It has been a REALLY spammy month here so I’m going to quickly go through this rogue’s gallery and give you the lowdown of what to watch out for and the best course of action. Plus I’ve got a doozy to start with.

Etta Avila sent me this one.

Some notes on this one:

  • This is just like the one I blogged about in December: but with one important difference: It reported one of Etta’s REAL passwords that she uses for per personal accounts. Scary!
  • The good news is that, no, the “hacker” didn’t actually hack Etta’s router.
  • The bad news is that Etta’s password has probably been hacked and sold on the dark web as part of a package of stolen information. She will have to change that password and probably many others!

What you should do if you get SPAM like this (or even if you haven’t yet!):

  1. Surf to and input any emails or user account names that you use. If any of them have been “PWNed,” immediately change those passwords to something secure. You can’t go wrong with at least two full length random words with a random capital, number, and/or a symbol somewhere.
  2. Start recording your passwords using a service like LastPass (free) or 1Password (cheap), or use a password-protected Excel document in OneDrive (instructions).

You can read more about this attack here:

Here’s one from Melinda Smith:

These are the same lovely people who have been spamming us with “Financial Services” ads for several months. The tricky thing about them is that they continually change the sender’s address so that Outlook can’t easily block them using the “Junk” button at the top. Fortunately, we can block them based on the content of the message (at the level of our Exchange server), and SolidState will do that for us when I ask.

If you get SPAM from AES, please make a ticket using and I will pass it along SolidState to block for us. Thanks!

This one comes courtesy of Emily Shields:

Wow, the Executive Director needs her bank account changed! How about that!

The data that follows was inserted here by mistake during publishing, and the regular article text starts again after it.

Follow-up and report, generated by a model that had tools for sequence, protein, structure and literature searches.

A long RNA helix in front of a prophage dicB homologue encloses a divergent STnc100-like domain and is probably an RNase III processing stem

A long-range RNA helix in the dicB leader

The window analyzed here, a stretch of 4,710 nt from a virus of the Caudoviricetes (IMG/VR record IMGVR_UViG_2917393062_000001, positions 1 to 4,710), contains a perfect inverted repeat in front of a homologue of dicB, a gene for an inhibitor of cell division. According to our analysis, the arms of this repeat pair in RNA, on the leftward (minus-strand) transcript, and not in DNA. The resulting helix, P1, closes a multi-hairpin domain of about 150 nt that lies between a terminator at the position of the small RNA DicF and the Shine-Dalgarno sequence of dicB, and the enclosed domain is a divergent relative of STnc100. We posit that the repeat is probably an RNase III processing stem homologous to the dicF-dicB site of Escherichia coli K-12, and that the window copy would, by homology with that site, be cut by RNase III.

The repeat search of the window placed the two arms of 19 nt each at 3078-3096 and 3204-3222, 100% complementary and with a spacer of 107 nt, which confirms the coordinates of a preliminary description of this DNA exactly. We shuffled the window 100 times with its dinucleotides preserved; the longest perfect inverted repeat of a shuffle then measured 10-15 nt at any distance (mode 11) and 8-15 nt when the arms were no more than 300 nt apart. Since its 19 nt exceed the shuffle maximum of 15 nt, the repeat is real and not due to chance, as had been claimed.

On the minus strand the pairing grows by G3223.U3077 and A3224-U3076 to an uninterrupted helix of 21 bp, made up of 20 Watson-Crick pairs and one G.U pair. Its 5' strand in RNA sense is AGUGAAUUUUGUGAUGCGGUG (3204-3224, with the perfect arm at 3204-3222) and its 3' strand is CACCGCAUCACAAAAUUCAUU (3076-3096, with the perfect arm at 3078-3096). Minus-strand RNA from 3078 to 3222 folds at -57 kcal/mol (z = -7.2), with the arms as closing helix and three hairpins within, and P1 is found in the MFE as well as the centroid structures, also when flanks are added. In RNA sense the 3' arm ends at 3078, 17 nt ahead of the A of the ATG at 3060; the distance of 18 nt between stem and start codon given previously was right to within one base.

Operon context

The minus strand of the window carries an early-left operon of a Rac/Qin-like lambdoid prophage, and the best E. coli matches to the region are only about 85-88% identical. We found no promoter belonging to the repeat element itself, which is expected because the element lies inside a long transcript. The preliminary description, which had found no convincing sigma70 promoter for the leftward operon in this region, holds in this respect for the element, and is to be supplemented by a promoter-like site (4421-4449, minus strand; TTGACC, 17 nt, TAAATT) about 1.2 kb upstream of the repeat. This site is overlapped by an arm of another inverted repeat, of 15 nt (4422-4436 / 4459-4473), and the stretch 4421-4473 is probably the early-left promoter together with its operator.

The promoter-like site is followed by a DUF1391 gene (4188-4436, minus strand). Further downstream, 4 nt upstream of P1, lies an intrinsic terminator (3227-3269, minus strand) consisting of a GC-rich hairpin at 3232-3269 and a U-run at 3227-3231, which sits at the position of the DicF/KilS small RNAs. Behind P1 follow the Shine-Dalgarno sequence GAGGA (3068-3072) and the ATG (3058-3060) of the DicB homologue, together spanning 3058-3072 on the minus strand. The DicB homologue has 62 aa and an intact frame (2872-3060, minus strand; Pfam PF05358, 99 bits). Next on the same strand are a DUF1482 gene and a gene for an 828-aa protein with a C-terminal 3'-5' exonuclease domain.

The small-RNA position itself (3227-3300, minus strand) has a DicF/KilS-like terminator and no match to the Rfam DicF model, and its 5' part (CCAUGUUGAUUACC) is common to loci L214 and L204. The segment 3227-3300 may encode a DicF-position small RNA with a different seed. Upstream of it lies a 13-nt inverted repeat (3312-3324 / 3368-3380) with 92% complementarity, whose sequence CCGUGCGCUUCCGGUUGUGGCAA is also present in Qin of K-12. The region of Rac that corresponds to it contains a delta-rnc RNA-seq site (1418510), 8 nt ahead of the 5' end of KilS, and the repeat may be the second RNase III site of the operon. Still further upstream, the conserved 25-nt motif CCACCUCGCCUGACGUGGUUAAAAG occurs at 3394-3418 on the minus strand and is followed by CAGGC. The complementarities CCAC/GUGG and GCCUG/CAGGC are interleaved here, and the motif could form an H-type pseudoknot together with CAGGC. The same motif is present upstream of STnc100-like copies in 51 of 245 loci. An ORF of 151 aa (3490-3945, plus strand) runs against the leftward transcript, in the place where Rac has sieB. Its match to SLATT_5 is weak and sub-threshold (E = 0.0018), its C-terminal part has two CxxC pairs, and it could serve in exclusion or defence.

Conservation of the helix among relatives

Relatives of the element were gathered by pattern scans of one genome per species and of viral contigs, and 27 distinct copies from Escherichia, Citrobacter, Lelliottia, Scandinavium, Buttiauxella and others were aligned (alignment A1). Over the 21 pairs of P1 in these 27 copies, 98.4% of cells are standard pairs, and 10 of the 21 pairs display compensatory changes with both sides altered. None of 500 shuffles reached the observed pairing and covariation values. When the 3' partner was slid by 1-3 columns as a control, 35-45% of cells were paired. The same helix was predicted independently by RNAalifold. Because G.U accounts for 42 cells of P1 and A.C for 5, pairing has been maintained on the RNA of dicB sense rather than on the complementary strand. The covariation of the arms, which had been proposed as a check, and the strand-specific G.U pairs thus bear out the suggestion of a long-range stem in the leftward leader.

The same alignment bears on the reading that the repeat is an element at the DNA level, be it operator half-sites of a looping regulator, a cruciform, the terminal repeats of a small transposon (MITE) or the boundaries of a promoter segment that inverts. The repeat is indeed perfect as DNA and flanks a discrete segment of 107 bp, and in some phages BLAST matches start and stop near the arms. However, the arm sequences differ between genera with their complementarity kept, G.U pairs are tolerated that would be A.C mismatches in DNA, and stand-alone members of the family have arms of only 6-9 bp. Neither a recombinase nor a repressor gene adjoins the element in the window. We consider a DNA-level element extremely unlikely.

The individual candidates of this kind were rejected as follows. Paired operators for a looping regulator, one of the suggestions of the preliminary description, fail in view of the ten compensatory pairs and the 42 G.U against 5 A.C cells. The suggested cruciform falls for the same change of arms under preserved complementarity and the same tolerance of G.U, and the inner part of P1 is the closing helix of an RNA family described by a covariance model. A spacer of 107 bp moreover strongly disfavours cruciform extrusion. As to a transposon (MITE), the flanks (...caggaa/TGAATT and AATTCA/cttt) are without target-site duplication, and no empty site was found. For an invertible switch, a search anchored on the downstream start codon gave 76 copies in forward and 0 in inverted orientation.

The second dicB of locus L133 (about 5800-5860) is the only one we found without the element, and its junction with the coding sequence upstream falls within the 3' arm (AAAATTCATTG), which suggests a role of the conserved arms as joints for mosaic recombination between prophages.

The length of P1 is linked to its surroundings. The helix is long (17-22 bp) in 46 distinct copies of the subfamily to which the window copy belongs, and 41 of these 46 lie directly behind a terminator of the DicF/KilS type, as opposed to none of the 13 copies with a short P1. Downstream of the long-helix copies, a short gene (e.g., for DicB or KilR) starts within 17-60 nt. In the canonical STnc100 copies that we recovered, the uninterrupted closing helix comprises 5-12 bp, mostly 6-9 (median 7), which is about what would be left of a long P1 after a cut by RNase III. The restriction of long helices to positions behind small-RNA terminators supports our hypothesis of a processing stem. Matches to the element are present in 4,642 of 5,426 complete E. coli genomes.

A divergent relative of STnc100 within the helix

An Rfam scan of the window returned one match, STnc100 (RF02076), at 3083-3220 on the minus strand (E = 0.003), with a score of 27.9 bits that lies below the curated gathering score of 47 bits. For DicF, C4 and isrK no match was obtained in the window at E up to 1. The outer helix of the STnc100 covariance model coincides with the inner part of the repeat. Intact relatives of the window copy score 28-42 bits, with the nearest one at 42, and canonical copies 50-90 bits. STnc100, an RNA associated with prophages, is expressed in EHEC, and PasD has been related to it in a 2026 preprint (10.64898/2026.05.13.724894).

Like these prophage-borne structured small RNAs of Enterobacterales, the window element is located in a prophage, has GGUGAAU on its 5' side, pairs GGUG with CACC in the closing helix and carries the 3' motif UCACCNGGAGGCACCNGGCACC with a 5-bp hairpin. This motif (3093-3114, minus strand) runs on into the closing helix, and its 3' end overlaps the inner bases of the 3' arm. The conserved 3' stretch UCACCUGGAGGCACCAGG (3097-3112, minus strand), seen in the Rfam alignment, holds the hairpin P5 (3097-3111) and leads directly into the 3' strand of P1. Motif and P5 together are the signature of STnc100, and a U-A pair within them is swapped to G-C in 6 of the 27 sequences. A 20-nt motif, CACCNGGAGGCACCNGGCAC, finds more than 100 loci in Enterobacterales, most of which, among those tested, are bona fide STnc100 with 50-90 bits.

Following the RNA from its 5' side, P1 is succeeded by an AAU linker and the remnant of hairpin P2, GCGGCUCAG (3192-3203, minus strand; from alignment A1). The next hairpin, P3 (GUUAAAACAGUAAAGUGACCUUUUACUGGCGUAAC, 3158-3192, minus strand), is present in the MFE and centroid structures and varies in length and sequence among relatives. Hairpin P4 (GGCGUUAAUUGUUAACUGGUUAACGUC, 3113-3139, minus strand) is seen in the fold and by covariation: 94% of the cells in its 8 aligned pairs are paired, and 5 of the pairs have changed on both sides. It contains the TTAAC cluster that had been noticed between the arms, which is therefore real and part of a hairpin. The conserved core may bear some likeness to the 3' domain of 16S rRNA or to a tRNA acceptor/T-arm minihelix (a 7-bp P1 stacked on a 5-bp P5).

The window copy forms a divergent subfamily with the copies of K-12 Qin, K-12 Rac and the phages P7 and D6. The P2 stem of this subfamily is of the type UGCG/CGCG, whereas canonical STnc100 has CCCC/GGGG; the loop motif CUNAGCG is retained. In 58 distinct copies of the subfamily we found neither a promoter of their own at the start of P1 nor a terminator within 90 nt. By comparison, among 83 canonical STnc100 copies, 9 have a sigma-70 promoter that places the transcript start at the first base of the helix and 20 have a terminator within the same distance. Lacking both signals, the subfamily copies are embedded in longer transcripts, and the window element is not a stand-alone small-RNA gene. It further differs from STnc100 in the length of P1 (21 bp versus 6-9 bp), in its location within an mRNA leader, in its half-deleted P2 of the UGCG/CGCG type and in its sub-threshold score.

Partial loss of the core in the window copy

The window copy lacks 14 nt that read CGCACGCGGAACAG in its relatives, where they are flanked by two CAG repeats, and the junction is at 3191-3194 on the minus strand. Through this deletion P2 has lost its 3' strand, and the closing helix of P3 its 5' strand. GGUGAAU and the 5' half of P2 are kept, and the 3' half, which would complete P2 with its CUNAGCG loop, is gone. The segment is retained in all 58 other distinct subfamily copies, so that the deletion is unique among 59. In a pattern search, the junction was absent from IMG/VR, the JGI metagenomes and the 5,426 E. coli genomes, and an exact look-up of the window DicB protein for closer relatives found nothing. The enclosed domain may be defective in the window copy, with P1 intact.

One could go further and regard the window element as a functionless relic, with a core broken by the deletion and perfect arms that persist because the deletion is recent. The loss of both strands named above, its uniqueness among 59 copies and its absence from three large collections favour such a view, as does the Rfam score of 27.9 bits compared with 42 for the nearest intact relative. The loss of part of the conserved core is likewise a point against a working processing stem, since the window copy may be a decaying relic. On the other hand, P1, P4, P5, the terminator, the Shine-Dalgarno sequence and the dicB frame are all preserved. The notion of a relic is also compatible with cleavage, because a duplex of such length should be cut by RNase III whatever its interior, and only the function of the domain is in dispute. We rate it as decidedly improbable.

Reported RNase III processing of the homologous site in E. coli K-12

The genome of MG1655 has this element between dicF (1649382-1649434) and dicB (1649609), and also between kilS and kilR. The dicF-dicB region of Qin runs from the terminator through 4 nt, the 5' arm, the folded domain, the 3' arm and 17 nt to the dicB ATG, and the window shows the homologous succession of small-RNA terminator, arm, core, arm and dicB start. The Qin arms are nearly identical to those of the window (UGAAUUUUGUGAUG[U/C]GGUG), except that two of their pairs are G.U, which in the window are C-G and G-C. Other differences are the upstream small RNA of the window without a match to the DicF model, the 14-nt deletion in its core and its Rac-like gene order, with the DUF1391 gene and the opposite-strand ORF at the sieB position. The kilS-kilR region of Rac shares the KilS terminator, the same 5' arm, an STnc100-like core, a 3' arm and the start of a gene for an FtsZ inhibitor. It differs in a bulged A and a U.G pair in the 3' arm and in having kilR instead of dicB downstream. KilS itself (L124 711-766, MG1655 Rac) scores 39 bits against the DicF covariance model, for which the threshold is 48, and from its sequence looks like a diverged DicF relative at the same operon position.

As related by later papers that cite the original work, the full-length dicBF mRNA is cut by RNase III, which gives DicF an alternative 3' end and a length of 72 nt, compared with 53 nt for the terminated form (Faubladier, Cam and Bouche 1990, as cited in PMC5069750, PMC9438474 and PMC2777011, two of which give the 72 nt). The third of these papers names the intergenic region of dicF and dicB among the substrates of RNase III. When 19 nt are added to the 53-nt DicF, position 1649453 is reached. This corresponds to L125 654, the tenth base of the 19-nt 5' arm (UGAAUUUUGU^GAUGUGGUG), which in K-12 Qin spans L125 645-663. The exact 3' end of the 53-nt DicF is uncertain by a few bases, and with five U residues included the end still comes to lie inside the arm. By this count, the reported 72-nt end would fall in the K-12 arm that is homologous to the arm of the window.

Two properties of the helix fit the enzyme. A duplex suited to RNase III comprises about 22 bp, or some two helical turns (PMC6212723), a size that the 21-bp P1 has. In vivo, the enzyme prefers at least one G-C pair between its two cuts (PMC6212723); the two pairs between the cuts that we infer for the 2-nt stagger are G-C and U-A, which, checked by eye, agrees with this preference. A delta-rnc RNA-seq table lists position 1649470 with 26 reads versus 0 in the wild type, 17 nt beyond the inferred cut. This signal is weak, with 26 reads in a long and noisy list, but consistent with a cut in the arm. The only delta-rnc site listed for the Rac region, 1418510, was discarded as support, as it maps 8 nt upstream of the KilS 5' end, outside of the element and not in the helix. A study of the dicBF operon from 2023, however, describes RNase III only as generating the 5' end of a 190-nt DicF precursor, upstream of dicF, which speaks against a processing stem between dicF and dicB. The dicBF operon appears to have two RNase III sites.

This is an example of spear phishing. The attackers did enough homework to know who CASE’s administrators are and they specifically wrote this email to mimic a reasonable request.

Some things to note:

  • This email is well written from a scam point of view. It doesn’t have perfect grammar or spelling but neither do most of us when we write work emails to one-another.
  • The biggest “tell” in this case is the sender’s address.

    I’m pretty sure that’s not Mary’s address. Notice the “.ru” at the end–that’s a Russian domain. That doesn’t actually mean anything since it’s easy for anyone to create an email address with any domain, but it is kind of funny that the scammers left such an obvious clue.

The last one for this month comes from Jerry Brendel.

This is another example of spear phishing. It looks very official. Notice the web address right at the beginning: it starts with “” – that’s our website! If our Business Manager Jerry Brendel were less tech savvy, he might take that as a sign that this was legit. But watch what happens when we hover (DON’T CLICK) the mouse cursor over that link.

That’s not the same address! I don’t want to go to “”!

When in doubt, never click on links inside of emails. But even if it could be legit, hover your mouse over the address and compare it to the address that appears in the footer of your Web browser.

And what do we say when the addresses don’t match?